• 2. WHAT IS A HUMAN ENVIRONMENT?• A human environment is a place where activities areconducted by humans, and features are built and/or modifiedby humans.2
    • 3. NEW YORK (USA)http://www.airpano.com/List-Aerial-Panoramas-Top10.php3
    • 4. KAKADU URANIUM MINE, N.T (AUSTRALIA)Australia is home to around 40% of the world’s uranium reserves and currently supplies around 20% of theglobal market.From 2000 to 2005 nearly 50,000 metric tonnes of Uranium oxide were exported from Australia to elevendifferent countries. This brought over A$2.1 billion dollars to the Aust. economy4
    • 5. SOLAR POWER TOWER, SEVILLE (SPAIN)Towers receive the focused sunlight from mirrors. Flat, movable mirrors focus the suns rays upon a collectortower (the target).Concentrated solar thermal is seen as one viable solution for renewable, pollution free energy.The heat produced, heats saltwater, turns turbines and produce electricity.5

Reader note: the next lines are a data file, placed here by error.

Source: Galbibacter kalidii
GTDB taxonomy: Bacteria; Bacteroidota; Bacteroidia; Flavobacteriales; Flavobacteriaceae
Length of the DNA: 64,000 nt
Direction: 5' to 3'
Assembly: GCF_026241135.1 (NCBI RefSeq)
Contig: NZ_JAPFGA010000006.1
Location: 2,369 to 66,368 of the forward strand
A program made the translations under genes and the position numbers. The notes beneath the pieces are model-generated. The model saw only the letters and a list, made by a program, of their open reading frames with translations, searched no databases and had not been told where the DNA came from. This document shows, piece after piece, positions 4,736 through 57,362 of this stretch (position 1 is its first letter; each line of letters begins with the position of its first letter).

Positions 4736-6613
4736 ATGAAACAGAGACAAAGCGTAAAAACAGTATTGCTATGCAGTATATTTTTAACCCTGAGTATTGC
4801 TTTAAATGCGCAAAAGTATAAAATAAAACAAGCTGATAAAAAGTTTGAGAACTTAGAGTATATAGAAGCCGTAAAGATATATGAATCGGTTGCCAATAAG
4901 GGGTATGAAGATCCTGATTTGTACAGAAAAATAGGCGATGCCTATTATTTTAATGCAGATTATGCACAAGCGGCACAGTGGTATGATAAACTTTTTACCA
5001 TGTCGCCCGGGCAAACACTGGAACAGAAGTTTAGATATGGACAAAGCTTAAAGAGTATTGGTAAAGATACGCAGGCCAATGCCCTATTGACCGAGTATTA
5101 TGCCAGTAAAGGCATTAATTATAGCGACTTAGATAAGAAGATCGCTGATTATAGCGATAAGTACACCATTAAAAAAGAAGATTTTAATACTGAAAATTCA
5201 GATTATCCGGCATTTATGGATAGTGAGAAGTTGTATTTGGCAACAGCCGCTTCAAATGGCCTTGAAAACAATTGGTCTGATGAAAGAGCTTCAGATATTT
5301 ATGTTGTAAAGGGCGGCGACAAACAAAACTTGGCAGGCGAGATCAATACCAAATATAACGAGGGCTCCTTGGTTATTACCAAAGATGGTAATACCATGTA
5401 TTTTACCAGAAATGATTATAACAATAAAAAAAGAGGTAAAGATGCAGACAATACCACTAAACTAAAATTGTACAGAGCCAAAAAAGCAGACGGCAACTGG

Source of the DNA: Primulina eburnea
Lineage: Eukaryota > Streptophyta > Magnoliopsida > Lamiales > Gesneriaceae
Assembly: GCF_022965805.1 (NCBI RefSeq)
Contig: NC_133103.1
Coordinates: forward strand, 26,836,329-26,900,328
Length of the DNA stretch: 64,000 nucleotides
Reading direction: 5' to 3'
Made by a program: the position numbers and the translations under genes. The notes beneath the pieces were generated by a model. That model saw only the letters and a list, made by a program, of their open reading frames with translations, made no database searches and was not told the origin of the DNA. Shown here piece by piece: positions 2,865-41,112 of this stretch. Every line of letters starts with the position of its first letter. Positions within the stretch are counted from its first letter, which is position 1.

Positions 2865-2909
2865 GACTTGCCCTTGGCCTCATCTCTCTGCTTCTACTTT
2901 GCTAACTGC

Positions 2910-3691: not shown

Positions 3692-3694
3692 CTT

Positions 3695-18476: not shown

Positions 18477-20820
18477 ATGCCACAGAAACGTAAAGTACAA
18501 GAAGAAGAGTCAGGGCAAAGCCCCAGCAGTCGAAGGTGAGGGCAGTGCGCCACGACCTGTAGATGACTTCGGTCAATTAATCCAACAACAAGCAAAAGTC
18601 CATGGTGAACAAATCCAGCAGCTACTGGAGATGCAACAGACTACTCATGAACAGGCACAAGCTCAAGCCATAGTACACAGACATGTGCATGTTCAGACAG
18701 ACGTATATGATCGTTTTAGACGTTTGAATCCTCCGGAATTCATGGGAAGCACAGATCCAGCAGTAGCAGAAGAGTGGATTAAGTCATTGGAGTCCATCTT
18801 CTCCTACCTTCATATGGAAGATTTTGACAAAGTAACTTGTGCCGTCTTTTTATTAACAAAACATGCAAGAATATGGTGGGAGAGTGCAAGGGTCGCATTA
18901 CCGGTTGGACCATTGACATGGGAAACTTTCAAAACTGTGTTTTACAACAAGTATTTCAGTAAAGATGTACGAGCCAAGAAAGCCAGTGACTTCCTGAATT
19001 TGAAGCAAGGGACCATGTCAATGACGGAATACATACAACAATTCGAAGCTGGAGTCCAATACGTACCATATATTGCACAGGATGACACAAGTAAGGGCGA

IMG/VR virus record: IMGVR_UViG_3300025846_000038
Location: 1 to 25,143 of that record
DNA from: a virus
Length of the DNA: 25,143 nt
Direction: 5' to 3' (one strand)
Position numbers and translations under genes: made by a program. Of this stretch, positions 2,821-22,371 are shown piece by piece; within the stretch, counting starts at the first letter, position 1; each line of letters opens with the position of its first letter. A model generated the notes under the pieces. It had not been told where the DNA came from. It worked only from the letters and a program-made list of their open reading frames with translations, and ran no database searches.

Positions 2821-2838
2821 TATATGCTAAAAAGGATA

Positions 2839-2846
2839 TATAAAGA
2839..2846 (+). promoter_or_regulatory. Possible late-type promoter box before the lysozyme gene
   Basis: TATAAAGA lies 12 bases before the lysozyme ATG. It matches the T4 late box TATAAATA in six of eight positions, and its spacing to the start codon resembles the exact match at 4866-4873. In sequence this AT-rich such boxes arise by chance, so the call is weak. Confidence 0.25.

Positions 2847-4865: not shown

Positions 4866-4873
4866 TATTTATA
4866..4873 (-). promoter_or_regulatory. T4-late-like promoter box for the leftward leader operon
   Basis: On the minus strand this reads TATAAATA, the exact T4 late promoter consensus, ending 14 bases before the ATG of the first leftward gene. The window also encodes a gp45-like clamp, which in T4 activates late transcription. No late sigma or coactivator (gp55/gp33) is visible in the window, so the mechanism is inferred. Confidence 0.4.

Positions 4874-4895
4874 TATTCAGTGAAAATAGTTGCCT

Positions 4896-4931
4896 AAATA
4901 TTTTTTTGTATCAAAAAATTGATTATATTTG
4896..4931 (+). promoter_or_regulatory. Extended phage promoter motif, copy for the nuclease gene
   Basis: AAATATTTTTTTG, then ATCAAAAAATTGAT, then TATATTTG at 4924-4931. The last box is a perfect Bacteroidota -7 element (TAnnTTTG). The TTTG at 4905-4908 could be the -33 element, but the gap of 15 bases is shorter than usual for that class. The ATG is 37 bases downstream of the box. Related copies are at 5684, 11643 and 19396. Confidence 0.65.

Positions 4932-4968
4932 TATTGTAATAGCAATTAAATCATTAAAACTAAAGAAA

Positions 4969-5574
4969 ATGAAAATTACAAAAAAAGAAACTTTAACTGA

• 6. FAVELA, RIO DE JANIERO (BRAZIL)• Favelas were the place where former slaves with no land ownership and no options for work lived. Over the years,many freed black slaves moved in.• Most modern favelas appeared in the 1970s, due to rural exodus, when many people left rural areas of Brazil andmoved to cities.• Residences are built without permission or a license and are often disorganised, without numbered streets,sanitation networks, electricity, a telephone service or plumbing. In recent years favelas have been troubled bydrug-related crime and gang warfare. 6
    • 7. RURAL & URBAN ENVIRONMENTSTHINK PAIR SHARE• Write down a definition of rural and urban environments• Write down as many examples of each of these environments• What are basic facilities that humans need?• What are basic services that should be accessible in humanenvrionments?7